The world has been pushing toward electric vehicles for many years. While carmakers are scrambling to develop a viable way of phasing out fossil fuels, Toyota is sticking with what it knows: internal combustion, and don’t worry. Possibly the biggest car company with the biggest green thumb isn’t trying to make nice with gasoline. The carmaker that commissioned $13.5 billion into a 15-EV lineup by 2025 is developing a race car that can run on hydrogen.
Toyota declined to meet with U.N. delegates to compete with hydrogen
Glasgow hosted a meeting over the weekend with several U.N. delegates and six major carmakers, including Ford, Volvo, Daimler, and General Motors. The topic: saving the world. They pledged to remove fossil-fuel cars by 2040. Meanwhile, Toyota, Kawasaki, Subaru, Mazda, and Yamaha had other plans. Over the weekend, they participated in the Super Taikyu Series race at Okayama International Circuit using vehicles powered by carbon-neutral fuel. The Super Taikyu series is Asia’s premier endurance racing series.
The Japanese brain trust is working on expanding the use of carbon-neutral fuels
It wasn’t a one-off. Those companies pledged to work together to produce, transport, and use carbon-neutral fuel in their internal combustion engines. Toyota’s opinion is the world is not ready for the switch to electric vehicles and that carmakers should be trying to use the technology they already have, i.e., internal combustion engines, which aren’t inherently unfriendly to the environment. That particular honor belongs to the fossil fuels. Yamaha has a big stake in this effort. It’s in charge of designing specific engine components, while Denso is handling the injection and spark systems.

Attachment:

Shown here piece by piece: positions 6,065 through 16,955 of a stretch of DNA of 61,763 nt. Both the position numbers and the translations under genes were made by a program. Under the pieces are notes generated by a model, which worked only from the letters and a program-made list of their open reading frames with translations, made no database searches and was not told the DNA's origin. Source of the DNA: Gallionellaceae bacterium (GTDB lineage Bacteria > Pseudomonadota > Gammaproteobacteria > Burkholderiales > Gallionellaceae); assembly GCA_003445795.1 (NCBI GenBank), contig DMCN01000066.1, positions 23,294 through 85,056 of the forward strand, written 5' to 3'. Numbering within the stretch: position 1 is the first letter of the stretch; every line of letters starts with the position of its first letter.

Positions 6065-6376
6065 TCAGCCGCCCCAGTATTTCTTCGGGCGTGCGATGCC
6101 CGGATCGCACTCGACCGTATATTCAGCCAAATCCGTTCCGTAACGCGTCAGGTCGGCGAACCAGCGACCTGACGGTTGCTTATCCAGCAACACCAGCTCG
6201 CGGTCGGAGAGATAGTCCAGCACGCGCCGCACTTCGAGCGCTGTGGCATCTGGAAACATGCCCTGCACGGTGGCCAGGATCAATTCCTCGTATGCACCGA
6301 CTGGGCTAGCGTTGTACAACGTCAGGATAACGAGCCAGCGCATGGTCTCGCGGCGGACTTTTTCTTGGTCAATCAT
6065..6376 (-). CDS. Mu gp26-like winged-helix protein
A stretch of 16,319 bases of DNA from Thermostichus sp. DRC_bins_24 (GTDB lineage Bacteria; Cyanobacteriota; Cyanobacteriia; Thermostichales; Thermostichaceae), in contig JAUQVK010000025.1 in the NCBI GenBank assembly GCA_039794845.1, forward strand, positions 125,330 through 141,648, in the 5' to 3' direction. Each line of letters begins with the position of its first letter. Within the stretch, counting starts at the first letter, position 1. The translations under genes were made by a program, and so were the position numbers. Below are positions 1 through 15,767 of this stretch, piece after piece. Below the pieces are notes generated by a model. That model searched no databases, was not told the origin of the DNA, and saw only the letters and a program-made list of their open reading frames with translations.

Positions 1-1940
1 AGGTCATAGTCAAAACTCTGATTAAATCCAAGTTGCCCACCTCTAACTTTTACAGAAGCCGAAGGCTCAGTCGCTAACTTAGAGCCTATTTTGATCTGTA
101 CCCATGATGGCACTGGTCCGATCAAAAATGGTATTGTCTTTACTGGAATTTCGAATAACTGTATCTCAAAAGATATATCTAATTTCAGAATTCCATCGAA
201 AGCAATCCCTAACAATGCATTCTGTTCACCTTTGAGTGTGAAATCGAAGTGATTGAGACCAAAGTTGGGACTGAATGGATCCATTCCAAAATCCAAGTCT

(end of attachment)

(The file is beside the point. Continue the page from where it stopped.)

G.R. Yaris engine-equipped Toyota Corolla stole the spotlight
Toyota used a Corolla Sport fitted with the G.R. Yaris engine to participate in the Super Taikyu series over this past weekend. The GR Yaris engine was converted to run on hydrogen. Under the influence of gasoline, the G.R. Yaris uses a turbocharged engine that sends about 270 horsepower to all four wheels via a six-speed manual transmission. Honda and Suzuki are slated to join in the effort of using carbon-neutral internal combustion engines as well but with motorcycles.
Racing is the best environment for developing hydrogen-powered engines
One of the best ways to speed up car technology development is through motorsport. It’s a proven testing ground for technology that has a habit of eventually trickling down into passenger cars. Hydrogen isn’t a perfect answer yet; it still has a ways to go before it’s viable. For instance, right now, it produces 2-percent of the emissions of gasoline engines thanks to engine metals.
Hydrogen-powered cars also need large unconventional-shaped fuel cells, and hydrogen itself is dangerous enough for Toyota to refuel their car in a separate pit area. The Japanese brain trust still has a lot to figure out, especially in the way of transporting and producing hydrogen as a fuel. Still, Toyota has experienced significant power gains using hydrogen, with roughly the same fuel economy. If the horsepower is already achievable, it’s a good start.